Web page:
The New Institutionalism in Sociology
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BeschreibungThis volume integrates two increasingly visible streams of research--economic sociology and new institutional economics--to better understand how ties among individuals and groups facilitate economic activity alongside and against the formal rules that regulate economic processes via government and law.
InhaltsverzeichnisForeword Robert K. Kerton; Introduction; 1. Sources of the new institutionalism Victor Nee; Part I. Institutions and Social Norms: 2. Embeddedness and beyond: institutions, exchange and social structure Victor Nee and Paul Ingram; 3. Of coase and cattle: dispute resolution among neighbors in Shasta County Robert C. Ellickson; 4. Cultural beliefs and the organization of society: a historical and theoretical reflection on collectivist and individualist societies Avner Greif; 5. Conflict over changing social norms: bargaining, ideology, and enforcement Jack Knight and Jean Ensminger; 6. Embeddedness and immigration: notes on the social determinants of economic action Alejandro Portes and Julia Sensenbrenner; Part II. Institutional Embeddedness in Capitalist Economies: 7. The organization of economies Gary G. Hamilton and Robert Feenstra; 8. Institutional embeddedness in Japanese labor markets Mary C. Brinton and Takehiko Kariya; 9. Winner-take-all markets and wage discrimination Robert H. Frank; 10. Institutions and the labor market Bruce Western; Part III. Institutional Change and Economic Performance: 11. Economic performance through time Douglass C. North; 12. changing the rules; interests, organizations, and institutional change in the US hospitality Paul Ingram; 13. The importance of the local: rural institutions and economic change in preindustrial England Rosemary L. Hopcroft; 14. Outline of an institutionalist theory of inequality: the case of socialist and postcommunist Eastern Europe Ivan Szelenyi and Eric Kostello; Index.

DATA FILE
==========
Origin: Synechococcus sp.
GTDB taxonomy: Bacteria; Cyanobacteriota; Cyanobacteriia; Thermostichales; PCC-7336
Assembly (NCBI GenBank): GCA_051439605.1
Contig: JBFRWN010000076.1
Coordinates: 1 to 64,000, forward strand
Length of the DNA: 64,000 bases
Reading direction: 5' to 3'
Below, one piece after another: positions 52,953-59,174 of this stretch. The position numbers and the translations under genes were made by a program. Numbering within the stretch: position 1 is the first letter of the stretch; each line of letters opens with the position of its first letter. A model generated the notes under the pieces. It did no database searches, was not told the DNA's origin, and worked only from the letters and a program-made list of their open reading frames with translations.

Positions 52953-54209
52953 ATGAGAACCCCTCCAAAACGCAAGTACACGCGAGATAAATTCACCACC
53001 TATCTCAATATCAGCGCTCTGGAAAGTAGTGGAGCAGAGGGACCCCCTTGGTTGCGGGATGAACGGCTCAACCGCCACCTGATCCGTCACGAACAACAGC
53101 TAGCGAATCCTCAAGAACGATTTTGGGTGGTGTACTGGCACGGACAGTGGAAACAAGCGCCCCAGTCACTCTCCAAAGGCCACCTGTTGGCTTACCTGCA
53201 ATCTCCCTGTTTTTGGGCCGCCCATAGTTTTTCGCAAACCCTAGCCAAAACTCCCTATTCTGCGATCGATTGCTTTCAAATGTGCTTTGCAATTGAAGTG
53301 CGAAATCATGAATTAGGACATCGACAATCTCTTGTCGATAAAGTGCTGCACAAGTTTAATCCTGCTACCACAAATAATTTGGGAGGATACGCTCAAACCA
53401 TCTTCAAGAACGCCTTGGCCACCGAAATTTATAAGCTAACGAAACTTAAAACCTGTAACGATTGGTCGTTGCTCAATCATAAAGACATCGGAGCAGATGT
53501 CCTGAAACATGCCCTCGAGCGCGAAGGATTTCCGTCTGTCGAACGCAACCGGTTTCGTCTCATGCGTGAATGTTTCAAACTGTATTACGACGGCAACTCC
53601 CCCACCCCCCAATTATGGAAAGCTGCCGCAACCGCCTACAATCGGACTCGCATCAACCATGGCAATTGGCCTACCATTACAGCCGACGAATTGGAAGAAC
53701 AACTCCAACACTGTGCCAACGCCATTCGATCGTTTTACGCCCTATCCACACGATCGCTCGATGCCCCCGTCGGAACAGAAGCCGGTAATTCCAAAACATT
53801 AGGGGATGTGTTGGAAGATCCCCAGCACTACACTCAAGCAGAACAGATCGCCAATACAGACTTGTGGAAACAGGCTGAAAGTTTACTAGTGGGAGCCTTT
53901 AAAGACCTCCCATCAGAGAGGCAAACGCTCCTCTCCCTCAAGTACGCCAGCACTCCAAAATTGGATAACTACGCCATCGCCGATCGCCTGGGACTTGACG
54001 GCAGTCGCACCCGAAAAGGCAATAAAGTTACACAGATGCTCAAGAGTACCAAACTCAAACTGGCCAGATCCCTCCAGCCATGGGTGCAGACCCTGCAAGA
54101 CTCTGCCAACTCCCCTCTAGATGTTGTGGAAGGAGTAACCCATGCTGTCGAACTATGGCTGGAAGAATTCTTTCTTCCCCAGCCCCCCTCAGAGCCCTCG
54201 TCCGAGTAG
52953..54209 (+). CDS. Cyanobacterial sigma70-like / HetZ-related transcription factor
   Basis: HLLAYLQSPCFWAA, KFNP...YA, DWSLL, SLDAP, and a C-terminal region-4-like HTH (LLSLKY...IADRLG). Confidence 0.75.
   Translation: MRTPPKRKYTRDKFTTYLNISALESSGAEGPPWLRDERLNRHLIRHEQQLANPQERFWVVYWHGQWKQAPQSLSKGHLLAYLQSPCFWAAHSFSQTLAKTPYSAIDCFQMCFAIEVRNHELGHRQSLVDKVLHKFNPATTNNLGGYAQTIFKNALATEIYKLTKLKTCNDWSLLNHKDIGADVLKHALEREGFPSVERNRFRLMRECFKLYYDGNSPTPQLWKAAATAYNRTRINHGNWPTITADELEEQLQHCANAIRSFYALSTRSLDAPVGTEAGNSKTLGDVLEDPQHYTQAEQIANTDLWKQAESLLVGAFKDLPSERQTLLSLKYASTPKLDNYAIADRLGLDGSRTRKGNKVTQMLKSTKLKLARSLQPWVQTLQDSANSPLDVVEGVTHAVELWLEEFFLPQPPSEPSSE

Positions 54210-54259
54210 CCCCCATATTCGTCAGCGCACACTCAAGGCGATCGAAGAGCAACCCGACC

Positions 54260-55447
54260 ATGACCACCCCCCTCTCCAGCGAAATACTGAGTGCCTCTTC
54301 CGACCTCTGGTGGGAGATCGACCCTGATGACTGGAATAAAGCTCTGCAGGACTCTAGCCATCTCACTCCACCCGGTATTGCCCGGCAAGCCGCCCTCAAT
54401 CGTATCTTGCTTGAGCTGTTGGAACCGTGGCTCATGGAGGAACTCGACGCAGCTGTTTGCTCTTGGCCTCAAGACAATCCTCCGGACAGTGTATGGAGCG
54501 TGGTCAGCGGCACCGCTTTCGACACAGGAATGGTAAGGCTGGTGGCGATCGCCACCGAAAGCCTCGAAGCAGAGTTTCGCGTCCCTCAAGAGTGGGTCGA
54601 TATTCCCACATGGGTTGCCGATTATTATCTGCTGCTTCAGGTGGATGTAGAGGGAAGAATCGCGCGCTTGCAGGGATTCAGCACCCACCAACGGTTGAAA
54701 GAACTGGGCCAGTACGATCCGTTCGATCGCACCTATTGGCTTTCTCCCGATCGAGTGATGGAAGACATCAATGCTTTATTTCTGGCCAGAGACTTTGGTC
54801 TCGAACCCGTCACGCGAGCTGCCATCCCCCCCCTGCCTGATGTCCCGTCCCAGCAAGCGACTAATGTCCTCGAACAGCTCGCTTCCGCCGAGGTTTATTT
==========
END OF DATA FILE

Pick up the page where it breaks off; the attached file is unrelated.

PortraitMary C. Brinton is Professor of Sociology at Cornell University. She is the author of several books, including "Women and the Economic Miracle: Gender and Work in Postwar Japan." Victor Nee is Goldwin Smith Professor of Sociology at Cornell University. Among his books is "Remaking the Economic Institutions of Socialism: China and Eastern Europe" (with David Stark) (Stanford, 1989).
Untertitel: Revised. Sprache: Englisch.
Verlag: STANFORD UNIV PR
Erscheinungsdatum: Juni 2002
Seitenanzahl: 352 Seiten